‘Economic necessity’ pushes judge into legal fight
Retired judge Barry White wants to resume practice as a barrister “due to economic necessity”, the High Court has heard.
However, Mr White says he is prevented from doing so by an unconstitutional Bar Council rule.
Lawyers for Mr White (71) secured leave from Mr Justice Seamus Noonan to bring a judicial review challenge over the rule – which is based on an 85-year-old Supreme Court decision in a 1930 case which prevents retired judges resuming private practice in a court equal to or less than the court of which they were a judge.
Mr White had told the Bar Council that his wish to resume practice was due to “economic necessity”.
He has four children, two at university and two at secondary school, “with all that entails”.
He had to retire when he was 70 after a career in which he presided over many high-profile criminal trials, including that of Eamonn Lillis, convicted of the manslaughter of his wife Celine, and Joe O’Reilly, serving a life sentence for the murder of his wife Rachel.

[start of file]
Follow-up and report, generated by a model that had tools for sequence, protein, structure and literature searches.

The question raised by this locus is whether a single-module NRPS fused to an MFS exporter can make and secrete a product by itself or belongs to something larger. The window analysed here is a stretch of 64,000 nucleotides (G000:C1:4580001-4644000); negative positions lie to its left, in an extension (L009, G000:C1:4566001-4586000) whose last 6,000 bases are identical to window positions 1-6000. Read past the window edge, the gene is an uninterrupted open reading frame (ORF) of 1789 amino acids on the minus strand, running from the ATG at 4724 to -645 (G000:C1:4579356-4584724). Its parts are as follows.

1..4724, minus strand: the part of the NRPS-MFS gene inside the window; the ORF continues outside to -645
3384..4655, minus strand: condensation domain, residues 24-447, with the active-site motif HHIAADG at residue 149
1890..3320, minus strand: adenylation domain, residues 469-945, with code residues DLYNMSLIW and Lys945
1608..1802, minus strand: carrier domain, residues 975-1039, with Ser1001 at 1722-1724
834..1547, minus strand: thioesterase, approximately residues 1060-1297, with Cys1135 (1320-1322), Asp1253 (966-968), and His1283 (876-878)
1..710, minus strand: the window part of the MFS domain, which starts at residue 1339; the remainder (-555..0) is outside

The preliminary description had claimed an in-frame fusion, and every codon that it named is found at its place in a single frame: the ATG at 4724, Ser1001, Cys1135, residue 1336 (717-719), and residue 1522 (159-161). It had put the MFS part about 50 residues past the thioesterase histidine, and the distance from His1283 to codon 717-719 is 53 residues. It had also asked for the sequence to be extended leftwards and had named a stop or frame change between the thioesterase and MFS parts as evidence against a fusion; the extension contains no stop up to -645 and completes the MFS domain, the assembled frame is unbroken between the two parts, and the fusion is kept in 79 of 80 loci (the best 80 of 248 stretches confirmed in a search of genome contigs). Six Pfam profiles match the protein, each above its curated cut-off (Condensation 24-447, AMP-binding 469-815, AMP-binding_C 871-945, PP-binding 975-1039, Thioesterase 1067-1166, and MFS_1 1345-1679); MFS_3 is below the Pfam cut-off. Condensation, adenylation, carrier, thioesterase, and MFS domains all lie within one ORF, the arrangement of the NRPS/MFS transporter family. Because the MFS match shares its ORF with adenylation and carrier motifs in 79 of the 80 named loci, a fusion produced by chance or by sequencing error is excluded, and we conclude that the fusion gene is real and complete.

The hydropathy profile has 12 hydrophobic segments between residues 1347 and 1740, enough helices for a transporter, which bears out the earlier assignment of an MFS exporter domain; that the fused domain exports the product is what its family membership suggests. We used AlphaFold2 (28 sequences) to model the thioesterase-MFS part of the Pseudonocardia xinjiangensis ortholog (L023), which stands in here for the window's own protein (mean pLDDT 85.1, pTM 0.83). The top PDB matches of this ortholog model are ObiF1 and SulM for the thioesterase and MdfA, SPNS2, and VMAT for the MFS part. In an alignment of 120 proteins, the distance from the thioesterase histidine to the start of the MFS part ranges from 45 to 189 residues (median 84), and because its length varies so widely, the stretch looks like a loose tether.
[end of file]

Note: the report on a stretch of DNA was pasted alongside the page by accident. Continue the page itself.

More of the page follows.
Since his retirement, Mr White has had discussions with the Bar Council and the Minister for Justice on his application for a waiver of the rule, but to no avail, John Rogers SC, for Mr White, said.
Mr Justice Noonan said Mr White had an arguable case for judicial review and was entitled to be granted leave. A hearing date will be fixed at a later stage.
It is claimed that application of the disputed rule would mean Mr White would be confined to practicing before the Supreme Court or the new Court of Appeal.
Mr White had offered undertakings to meet the objections arising from the 1930 Supreme Court case, the court heard.
That case concerned a man who was first a solicitor, later a successful barrister and later a judge. He decided, in the “aftermath of revolution”, he would prefer not to continue as a judge and sought re-admission to the solicitors’ profession.